I also watched The Abominable Dr Phibles last night. Halloween Week has begun!
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Old October 29 2007, 10:48 PM   #26
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Re: Hallowe'en Reading 2007!

Dr. Thoss said:
"Alice's Last Adventure" is available in The Shadow at the Bottom of the World, a nice sampler of Ligotti's work. "Conversations in a Dead Language" is probably most easily found in October Dreams, a Halloween-themed collection originally published by Cemetery Dance.
I could kiss you right now. I went to Borders about a month or so ago, and I saw The Shadow at the Bottom of the World, and thought about getting it, but didn't. A week later, I went back and it was gone, and I couldn't remember the title or author. And searching the horror section of Amazon with "shadow" as a keyword...well, there were a few results.

So, thanks.

RJDracula said:
Dark Harvest was great. I read it over the weekend. It's a real page turner, as this guy writes at about ninety miles an hour.
I'm glad you enjoyed it. I was pretty confident you would. I might have to read it again next year.

There was an interview on Partridge's website (I can't seem to find it now), where the interviewer said that it felt like the book was written in one sitting. The pace really makes it feel like that.

RJDracula said:
I also watched The Abominable Dr Phibles last night. Halloween Week has begun!
Such a weird little movie. I'm a sucker for revenge tales.
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Old October 30 2007, 12:20 AM   #27
RJDiogenes
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Re: Hallowe'en Reading 2007!

Spookman Spiff said:
I'm glad you enjoyed it. I was pretty confident you would. I might have to read it again next year.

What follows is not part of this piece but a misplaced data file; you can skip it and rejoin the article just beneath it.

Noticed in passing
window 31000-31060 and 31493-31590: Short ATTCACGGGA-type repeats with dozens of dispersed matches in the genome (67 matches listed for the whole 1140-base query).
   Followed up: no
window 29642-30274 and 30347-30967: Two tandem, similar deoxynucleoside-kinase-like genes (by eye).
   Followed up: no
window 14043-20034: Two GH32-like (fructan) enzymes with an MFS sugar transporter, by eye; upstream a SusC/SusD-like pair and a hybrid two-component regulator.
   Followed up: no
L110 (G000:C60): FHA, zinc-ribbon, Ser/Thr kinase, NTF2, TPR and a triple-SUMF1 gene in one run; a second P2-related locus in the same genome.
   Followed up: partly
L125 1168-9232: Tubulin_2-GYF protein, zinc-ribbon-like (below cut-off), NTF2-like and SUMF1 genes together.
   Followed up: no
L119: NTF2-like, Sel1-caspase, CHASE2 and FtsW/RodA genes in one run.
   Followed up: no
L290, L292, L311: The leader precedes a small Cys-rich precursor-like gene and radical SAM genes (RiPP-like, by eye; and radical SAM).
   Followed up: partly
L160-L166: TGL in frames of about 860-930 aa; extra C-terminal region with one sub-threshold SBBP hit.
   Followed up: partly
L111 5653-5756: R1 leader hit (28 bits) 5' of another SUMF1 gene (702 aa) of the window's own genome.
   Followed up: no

There was an interview on Partridge's website (I can't seem to find it now), where the interviewer said that it felt like the book was written in one sitting. The pace really makes it feel like that.
Yeah, really. I felt like I could have read it in one sitting, if circumstances permitted; or maybe not sitting, but pacing back and forth.

Such a weird little movie. I'm a sucker for revenge tales.
I had forgotten about the silly bits. I saw it when I was very young, so I remembered it as being more serious. Tonight, I'll either watch the sequel or start reading The Willows.
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Old October 30 2007, 02:31 AM   #28
Brendan Moody
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Re: Hallowe'en Reading 2007!

Spookman Spiff said:
So, thanks.
Glad it helped.

In addition to the things I've mentioned above, I'm now reading 20th Century Ghosts, the first short story collection by Joe Hill. Hill's real name is Joseph Hillstrom King; he's Stephen King's son, but started writing under a pen name so as not to trade on his father's influence. He made a big splash earlier this year with his first novel, Heart-Shaped Box. I read it after my mom was bowled over by it. She thought he was a better writer than his father. I wasn't so sure. On a sentence-by-sentence level he's probably better at prose than his father, but there's more originality in King's best work than in the rather conventional Heart-Shaped Box.

I'd heard that the stories in 20th Century Ghosts were more inventive, but I've read about half of them so far and I'm not seeing it. That said, a couple of the pieces are effective as traditional horror. "Best New Horror" has a nicely-executed description of creepy backwoods life, and the spirit in "20th Century Ghost" has the chilling effect of the best ghost stories. Not all the stories in the collection are horror, or even genre; there are a couple of slice-of-life pieces, though in my opinion they tend to mark the low points of the book.
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Old October 30 2007, 06:01 AM   #29
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Re: Hallowe'en Reading 2007!

A Rose for Emily a very good short story.

Night Shift by Stephen King
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Old October 30 2007, 12:03 PM   #30
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Re: Hallowe'en Reading 2007!

My Halloween reading consisted of re-reading "I Am Legend" and "Hell House" by Richard Matheson. I'm still working on "The Terror" by Dan Simmons. It's a great book about two British exploration ships (circa 1848) that become icelocked in the Artic Circle. If that's not enough there's a mysterious Eskimo woman, and an enormous creature feeding on the crews. It's a good read.